Part 2: Silence On Locke's Campaign Ties Is Deafening
Times Editorial Columnist
THOUSANDS of well-wishers will fete Gov.-elect Gary Locke tomorrow at an inaugural gala in Olympia, among them a coterie of the state's media elite. Party organizers can almost certainly count on these Friends of Gary to check their probing instincts politely at the door. After all, no one wants to be a party pooper at the inaugural celebration of the nation's first mainland Asian-American governor.
Too bad. Last week, this column broke news of Locke's campaign ties to Thai businesswoman Pauline Kanchanalak and raised still unanswered questions about his connection to former Democratic National Committee fund-raiser John Huang. Locke accepted checks totaling $1,000 from Huang and his wife, and another $1,000 from "P. Kanchanalak"; he also accepted an estimated $30,000 raised at a Los Angeles fund-raiser co-sponsored by Huang.
The national press has uncovered alarming evidence of alleged influence peddling and money laundering by Kanchanalak and Huang at the White House. Even some of the Clinton administration's fans, such as the New York Times, have been highly critical of the DNC's fund-raising techniques. As a result of media pressure to come clean, more than $1.2 million raised by Huang, including $253,000 solicited from Kanchanalak, has been returned by the DNC.
In our own backyard, by contrast, the silence with regard to the Locke-Huang-Kanchanalak connection is deafening.
Why? One state political reporter curtly informed me late last week that "contributions from foreign nationals aren't illegal in Washington." That might explain the media's reticence - if it were true. But the law says otherwise. Section 441 of the Federal Election Campaign Act states: "It shall be unlawful for a foreign national to make any contributions of money . . . to any political office" or "for any person to solicit, accept, or receive any such contribution from a foreign national (emphasis added)." In 1989, the U.S. Attorney General clarified that the ban applied to elections at all levels - federal, state and local.
Elsewhere in the country, the news media have pounced on evidence of foreign influence in state elections. In 1992, the Kansas City Star broke news of an illegal donation by a British business owner to a Missouri gubernatorial candidate that led to FEC fines totaling $24,000.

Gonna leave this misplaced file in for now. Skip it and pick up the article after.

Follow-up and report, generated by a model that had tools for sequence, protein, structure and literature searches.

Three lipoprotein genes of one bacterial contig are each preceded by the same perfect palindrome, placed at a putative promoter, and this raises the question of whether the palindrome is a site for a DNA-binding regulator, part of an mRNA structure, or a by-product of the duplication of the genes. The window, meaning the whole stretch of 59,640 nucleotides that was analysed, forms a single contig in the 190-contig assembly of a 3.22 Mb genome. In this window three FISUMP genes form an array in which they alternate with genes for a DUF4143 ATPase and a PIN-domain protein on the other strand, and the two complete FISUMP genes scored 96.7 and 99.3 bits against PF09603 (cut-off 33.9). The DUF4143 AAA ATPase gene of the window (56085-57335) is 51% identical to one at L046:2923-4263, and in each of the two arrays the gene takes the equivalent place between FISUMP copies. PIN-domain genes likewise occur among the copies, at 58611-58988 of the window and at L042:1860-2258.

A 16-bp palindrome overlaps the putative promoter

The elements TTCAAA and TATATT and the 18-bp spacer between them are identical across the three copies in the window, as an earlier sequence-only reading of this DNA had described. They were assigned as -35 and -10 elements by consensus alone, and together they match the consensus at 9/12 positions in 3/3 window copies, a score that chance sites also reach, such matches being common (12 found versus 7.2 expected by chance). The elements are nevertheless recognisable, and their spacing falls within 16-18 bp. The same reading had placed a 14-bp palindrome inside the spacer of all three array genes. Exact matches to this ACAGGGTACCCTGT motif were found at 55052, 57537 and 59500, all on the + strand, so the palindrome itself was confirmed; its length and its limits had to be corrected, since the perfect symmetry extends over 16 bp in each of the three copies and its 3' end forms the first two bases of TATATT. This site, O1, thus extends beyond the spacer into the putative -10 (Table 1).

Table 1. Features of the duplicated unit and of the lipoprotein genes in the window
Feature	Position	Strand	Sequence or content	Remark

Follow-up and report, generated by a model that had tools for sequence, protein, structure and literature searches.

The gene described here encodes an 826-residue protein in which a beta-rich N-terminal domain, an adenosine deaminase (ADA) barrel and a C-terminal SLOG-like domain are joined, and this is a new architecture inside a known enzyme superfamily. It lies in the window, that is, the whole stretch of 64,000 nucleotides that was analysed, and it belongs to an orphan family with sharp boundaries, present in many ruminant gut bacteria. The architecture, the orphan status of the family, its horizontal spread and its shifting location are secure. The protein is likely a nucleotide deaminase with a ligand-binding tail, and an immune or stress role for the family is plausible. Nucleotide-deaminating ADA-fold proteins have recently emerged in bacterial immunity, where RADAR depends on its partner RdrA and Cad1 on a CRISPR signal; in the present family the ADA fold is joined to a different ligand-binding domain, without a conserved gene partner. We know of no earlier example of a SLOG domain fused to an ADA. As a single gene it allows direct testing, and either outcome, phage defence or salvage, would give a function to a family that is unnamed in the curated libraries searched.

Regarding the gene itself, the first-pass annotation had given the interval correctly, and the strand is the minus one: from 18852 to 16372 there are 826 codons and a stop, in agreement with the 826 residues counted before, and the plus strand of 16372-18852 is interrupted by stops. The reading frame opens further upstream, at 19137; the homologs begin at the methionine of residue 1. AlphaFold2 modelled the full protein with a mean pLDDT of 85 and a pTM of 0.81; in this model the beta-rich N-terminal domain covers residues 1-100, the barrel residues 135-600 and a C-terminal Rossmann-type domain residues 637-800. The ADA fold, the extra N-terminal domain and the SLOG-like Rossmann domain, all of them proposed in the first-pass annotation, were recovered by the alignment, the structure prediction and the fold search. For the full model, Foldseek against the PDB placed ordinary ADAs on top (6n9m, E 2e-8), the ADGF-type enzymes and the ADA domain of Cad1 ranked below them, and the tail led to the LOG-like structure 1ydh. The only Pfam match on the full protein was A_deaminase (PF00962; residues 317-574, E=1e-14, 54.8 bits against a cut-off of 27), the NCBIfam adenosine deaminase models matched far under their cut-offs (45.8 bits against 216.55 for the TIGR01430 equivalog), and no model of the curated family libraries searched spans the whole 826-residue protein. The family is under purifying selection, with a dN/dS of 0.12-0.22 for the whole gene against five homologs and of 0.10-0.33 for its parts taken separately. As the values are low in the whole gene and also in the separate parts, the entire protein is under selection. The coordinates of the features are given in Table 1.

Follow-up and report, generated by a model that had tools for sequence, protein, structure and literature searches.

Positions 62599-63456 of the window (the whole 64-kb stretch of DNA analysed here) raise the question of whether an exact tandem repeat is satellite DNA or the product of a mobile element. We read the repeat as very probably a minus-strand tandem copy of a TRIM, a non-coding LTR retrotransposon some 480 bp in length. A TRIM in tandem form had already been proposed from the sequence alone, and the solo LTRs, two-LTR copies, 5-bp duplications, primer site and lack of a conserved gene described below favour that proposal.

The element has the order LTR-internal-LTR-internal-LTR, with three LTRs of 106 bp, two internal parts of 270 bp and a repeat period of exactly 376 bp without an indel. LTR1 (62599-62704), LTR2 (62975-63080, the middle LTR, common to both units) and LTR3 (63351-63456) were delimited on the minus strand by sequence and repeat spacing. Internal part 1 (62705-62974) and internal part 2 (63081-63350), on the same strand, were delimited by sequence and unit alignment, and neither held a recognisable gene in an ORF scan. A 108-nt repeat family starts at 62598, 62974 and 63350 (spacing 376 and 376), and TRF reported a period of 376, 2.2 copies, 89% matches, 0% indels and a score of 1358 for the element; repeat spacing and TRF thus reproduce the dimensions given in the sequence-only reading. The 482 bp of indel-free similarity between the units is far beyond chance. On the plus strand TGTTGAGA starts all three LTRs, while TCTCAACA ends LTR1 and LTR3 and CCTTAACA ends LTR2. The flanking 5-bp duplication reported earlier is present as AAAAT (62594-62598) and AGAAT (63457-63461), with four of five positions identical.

In 1994, after dogged investigative work by the Honolulu Advertiser, the FEC levied record fines of $162,225 on Japanese foreign nationals and firms who gave illegal contributions to gubernatorial, mayoral and congressional candidates in Hawaii.
And last fall, the St. Petersburg Times reported that the state Democratic Party of Florida had received $35,000 from Pauline Kanchanalak - as well as $25,000 from someone named Duangnet G. Kronenberg, who lists the same McLean, Va., address as Kanchanalak and says she is a homemaker.
Let's be clear. Both Huang and Kanchanalak are foreign citizens with legal permanent resident status in the U.S. A loophole in the FEC law does allow this small subset of foreign nationals to make campaign contributions at all levels. What remains to be seen, however, is whether Huang illegally solicited money for Locke in Los Angeles from foreign nationals who are not legal permanent residents - as he allegedly did for the DNC; and whether Kanchanalak lied about the actual source of her contribution.
Kanchanalak insists her mother-in-law, also a permanent legal resident of the U.S. with Thai citizenship, contributed the money to the DNC and to Locke. But the DNC determined that Kanchanalak deceived them; she may have deceived Locke as well and broken state law that prohibits false representations of the true source of campaign donations.
Even if the contributions are eventually shown to be within the law, since when did the press hold off on covering matters of campaign ethics until the legality of alleged improprieties was formally assessed? Certainly not with Newt Gingrich. Or with GOP gubernatorial candidate Dale Foreman, whose alleged campaign-finance violations involving a political action committee were well-publicized last summer, but were determined to be legal by the Public Disclosure Commission in September.
As Foreman's detractors are fond of noting, proving something legal doesn't always make it right.
A friend tells me that Locke is the most ethical governor ever elected in Washington state. But sometimes inaction speaks louder than words. In a trade-dependent state such as Washington, the incentive to engage in quid pro quos is high. What better way to insulate the governor's mansion from unethical "quos" than to prevent pros like Huang and Kanchanalak from offering "quids" in the first place? Yet, no such announcement denying Huang and Kanchanalak access to Olympia has been made. Their money is welcome, and presumably their presence will be, too.
According to a recent Harris Poll, two out of three respondents said the media needed to a better job of protecting "the public from abuses of power." Over two-thirds wanted the facts - rather than the journalist's judgment calls - in stories involving public figures. The persistent absence of this story from the front pages of our local newspapers is exactly the kind of lousy judgment call that leads the public to perceive journalists not as guarantors of truth, but as exalted stenographers seated at the right hand of power.
Michelle Malkin's column appears Tuesday on editorial pages of The Times. Her e-mail address is: firstname.lastname@example.org.
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